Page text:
### 7.1 Definitions and examples

Consider a well-posed linear initial-value problem (see Definition 3)

Definition 11. An approximation-discretization to the Cauchy problem (7.1, 7.2) is numerically stable if there is some discrete norm in space and constants such that the corresponding approximation satisfies

for high enough resolutions, smooth initial data , and .

Note:

• The previous definition applies both to the semi-discrete case (where space but not time is discretized) as well as the fully-discrete one. In the latter case, Eq. (7.3) is to be interpreted at fixed time. For example, if the timestep discretization is constant,
then Eq. (7.3) needs to hold for fixed and arbitrarily large . In other words, the solution is allowed to grow with time, but not with the number of timesteps at fixed time when resolution is increased.
• The norm in general depends on the spatial approximation, and in Sections 8 and 9 we discuss some definitions for the finite difference and spectral cases.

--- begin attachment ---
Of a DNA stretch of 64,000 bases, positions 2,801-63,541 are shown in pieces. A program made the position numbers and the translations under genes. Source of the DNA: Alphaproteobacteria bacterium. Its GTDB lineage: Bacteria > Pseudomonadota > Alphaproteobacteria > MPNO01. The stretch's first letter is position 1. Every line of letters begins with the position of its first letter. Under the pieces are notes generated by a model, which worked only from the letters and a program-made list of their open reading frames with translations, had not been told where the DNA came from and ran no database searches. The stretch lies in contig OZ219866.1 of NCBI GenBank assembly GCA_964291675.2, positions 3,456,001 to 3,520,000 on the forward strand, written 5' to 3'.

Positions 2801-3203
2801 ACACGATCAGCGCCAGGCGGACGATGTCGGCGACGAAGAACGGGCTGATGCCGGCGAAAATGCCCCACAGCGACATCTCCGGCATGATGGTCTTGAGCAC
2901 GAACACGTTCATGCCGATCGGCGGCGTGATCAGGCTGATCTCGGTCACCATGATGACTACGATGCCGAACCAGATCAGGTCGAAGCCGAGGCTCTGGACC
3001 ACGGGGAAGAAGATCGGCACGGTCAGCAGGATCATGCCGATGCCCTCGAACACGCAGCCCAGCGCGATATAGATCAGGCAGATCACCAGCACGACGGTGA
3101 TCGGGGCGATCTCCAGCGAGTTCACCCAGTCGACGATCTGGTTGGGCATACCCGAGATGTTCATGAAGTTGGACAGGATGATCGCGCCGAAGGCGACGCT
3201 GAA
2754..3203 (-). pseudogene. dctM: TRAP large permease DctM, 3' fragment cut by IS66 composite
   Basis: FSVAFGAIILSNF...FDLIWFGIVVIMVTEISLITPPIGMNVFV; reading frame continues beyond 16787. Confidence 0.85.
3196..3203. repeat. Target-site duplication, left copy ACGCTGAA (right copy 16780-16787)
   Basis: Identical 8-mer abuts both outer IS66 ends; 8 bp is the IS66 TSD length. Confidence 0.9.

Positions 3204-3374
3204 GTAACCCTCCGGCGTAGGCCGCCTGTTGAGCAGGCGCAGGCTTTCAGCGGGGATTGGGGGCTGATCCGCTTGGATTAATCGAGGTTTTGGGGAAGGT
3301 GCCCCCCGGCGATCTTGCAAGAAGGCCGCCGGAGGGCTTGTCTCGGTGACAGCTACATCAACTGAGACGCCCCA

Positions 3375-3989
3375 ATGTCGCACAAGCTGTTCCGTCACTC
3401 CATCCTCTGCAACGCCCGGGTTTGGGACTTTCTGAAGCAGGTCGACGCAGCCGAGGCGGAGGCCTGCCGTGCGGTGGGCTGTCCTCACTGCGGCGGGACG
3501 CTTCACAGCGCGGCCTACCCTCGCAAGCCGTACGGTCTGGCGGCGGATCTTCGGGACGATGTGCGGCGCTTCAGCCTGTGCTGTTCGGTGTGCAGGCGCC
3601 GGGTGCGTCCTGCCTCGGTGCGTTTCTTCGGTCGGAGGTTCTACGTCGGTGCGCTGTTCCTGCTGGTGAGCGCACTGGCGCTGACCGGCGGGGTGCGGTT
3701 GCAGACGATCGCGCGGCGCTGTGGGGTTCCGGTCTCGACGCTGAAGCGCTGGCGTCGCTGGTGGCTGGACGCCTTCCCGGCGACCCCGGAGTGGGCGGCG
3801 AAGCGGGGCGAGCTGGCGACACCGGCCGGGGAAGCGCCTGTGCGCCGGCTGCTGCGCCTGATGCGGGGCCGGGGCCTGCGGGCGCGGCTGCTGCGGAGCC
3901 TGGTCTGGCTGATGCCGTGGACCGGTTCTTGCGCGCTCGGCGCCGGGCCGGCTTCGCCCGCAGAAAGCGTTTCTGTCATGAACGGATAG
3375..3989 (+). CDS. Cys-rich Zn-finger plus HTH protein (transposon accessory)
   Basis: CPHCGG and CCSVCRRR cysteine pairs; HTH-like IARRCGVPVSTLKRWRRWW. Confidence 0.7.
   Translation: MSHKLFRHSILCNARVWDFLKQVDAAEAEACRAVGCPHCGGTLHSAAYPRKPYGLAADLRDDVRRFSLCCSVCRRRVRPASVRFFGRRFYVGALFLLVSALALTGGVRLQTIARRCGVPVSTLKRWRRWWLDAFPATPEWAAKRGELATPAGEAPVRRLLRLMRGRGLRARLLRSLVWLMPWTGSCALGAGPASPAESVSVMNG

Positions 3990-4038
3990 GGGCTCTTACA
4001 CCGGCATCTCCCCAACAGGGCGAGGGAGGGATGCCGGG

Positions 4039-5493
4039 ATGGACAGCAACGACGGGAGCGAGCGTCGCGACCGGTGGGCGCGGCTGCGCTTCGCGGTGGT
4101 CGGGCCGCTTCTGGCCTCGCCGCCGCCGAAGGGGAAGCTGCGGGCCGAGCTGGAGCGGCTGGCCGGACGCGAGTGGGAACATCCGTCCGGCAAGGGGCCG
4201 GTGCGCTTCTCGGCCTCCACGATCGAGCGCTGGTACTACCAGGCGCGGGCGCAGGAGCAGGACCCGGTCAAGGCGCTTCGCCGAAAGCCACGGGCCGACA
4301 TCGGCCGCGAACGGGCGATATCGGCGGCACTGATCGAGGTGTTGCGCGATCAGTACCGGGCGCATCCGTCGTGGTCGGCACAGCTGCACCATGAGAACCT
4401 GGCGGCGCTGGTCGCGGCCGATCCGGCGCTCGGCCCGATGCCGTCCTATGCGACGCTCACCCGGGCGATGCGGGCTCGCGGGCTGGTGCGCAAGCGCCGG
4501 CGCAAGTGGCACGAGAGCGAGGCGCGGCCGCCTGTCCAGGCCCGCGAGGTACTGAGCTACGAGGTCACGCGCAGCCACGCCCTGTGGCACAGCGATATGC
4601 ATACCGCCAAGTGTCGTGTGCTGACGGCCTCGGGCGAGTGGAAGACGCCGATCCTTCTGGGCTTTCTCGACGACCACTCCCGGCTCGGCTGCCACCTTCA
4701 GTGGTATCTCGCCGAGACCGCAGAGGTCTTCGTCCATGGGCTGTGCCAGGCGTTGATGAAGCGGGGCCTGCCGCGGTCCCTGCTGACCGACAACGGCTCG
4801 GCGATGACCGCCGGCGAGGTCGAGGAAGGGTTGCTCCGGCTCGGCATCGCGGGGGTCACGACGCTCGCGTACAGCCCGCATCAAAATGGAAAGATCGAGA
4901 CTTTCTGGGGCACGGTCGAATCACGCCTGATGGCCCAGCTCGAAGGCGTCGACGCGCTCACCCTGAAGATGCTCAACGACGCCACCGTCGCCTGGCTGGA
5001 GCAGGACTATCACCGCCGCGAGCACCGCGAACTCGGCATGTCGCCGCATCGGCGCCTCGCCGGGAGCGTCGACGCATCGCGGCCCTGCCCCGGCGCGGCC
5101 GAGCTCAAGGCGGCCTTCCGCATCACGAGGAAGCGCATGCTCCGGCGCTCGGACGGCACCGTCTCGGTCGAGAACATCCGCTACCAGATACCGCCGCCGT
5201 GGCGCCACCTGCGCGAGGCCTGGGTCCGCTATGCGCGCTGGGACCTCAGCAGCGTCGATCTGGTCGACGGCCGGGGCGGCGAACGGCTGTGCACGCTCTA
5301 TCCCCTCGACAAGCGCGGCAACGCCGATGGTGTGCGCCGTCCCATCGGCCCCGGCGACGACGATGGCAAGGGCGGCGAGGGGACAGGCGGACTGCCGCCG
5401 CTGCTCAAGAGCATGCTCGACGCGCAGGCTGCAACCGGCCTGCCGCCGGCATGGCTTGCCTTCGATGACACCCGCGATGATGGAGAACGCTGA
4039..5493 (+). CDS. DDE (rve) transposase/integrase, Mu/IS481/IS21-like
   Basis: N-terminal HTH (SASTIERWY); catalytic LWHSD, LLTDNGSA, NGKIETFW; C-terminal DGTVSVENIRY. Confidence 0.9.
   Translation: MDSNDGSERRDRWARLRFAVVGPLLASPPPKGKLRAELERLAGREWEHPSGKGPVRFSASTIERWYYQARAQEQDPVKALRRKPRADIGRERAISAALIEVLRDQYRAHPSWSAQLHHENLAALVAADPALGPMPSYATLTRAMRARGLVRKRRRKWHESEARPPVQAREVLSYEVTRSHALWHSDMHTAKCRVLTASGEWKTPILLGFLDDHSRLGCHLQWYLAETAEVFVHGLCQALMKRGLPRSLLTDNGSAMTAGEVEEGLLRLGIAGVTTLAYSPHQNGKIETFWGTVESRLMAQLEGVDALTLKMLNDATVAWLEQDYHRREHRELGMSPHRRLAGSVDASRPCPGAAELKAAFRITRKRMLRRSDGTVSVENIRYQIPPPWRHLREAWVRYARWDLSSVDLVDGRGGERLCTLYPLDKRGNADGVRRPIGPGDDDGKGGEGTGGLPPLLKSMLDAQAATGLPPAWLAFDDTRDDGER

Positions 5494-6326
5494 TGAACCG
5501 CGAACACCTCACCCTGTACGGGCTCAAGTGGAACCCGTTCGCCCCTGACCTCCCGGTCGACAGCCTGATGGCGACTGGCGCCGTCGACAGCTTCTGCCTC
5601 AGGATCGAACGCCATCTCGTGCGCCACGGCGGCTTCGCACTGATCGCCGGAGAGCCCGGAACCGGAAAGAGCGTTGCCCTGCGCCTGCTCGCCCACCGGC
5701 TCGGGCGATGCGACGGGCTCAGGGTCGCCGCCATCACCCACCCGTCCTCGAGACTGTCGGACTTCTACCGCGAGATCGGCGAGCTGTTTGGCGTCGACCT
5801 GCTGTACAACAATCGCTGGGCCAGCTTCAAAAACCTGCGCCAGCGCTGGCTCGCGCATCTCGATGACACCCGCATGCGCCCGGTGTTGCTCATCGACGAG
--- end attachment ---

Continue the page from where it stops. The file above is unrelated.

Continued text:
• From Definition 11, one can see that an ill-posed problem cannot have a stable discretization, since otherwise one could take the continuum limit in (7.3) and reach the contradiction that the original system was well posed.
• As in the continuum, Eq. (7.3) implies uniqueness of the numerical solution .
• In Section 3 we discussed that if, in a well-posed homogeneous Cauchy problem, a forcing term is added to Eq. (7.1),
then the new problem admits another estimate, related to the original one via Duhamel’s formula, Eq. (3.23). A similar concept holds at the semi-discrete level, and the discrete estimates change accordingly (in the fully-discrete case the integral in time is replaced by a discrete sum),

In other words, the addition of a lower-order term does not affect numerical stability, and without loss of generality one can restrict stability analyses to the homogeneous case.